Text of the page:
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Julian Assange in court over Spanish surveillance case

A Spanish security firm allegedly conducted illegal surveillance on Mr Assange while he was living in the Ecuadorean embassy in London.

Julian Assange supporters outside Westminster Magistrates’ Court in London where the WikiLeaks founder is to give evidence in connection with a Spanish criminal case relating to surveillance inside the Ecuadorian embassy where he lived for close to seven years (PA)
Julian Assange supporters outside Westminster Magistrates’ Court in London where the WikiLeaks founder is to give evidence in connection with a Spanish criminal case relating to surveillance inside the Ecuadorian embassy where he lived for close to seven years (PA)

By Tess de la Mare, PA

Julian Assange has appeared in court to give evidence over allegations he was the target of an illegal surveillance campaign while living at the Ecuadorian Embassy in London.

Footage from embassy CCTV cameras and documents, including private legal papers and a medical record, were said to have been offered to Spanish police during an undercover operation.

A Spanish security firm has been accused over the hack and the case was launched in Madrid earlier this year.

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A Julian Assange supporter outside Westminster Magistrates’ Court (Jonathan Brady/PA)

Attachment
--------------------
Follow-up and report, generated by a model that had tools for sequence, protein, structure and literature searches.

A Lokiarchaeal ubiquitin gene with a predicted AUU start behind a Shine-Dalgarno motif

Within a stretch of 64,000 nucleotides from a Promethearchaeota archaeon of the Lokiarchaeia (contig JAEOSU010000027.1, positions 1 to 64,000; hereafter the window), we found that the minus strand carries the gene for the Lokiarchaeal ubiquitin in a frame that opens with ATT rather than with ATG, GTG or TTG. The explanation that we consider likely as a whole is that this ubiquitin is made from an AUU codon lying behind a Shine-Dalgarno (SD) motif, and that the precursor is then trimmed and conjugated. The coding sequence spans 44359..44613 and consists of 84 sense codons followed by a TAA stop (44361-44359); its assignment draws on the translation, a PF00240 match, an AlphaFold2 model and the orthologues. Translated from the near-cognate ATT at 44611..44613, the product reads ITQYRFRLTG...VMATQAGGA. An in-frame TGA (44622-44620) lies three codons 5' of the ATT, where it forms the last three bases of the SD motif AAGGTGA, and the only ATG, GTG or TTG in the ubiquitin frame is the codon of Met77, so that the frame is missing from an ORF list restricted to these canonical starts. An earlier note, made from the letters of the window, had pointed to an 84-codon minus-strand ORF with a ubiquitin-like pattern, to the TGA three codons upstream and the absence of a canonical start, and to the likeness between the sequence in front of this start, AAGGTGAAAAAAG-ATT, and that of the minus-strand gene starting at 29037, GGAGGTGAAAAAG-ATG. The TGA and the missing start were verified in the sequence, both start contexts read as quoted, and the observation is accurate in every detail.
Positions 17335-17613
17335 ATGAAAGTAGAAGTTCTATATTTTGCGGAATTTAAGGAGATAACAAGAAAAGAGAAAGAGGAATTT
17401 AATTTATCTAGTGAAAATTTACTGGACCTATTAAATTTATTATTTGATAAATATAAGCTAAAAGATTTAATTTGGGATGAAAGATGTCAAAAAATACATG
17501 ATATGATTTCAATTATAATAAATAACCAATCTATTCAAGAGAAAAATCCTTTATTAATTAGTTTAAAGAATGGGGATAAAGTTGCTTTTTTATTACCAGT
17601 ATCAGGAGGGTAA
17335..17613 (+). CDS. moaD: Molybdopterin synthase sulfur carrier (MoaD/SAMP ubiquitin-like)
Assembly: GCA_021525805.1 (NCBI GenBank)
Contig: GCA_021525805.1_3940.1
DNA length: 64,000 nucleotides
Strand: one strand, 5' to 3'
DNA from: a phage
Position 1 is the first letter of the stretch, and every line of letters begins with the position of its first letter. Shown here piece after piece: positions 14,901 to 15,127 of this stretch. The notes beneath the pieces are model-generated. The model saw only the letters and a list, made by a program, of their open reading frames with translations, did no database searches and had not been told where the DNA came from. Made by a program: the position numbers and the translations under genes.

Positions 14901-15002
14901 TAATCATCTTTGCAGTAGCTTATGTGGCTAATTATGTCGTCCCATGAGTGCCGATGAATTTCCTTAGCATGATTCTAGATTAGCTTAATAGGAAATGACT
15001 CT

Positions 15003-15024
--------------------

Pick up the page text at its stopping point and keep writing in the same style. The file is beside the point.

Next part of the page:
Assange, 48, who is currently being held in HMP Belmarsh awaiting the outcome of an extradition request by the US, appeared at Westminster Magistrates’ Courts in person on Friday.

The hearing is unconnected to the US extradition case, where he faces 18 charges including conspiracy to commit computer intrusion.

Assange is accused of working with former US army intelligence analyst Chelsea Manning to leak hundreds of thousands of classified documents.

The hearing was held in a closed court, but a small crowd of Assange’s supporters were gathered outside the building in central London with banners and signs demanding his release.

Journalists were also denied entry to the courtroom.

Assange was scheduled to give evidence to the Spanish judge tasked with investigating the case – the equivalent of a police interview – via video-link from within the courtroom.

PA

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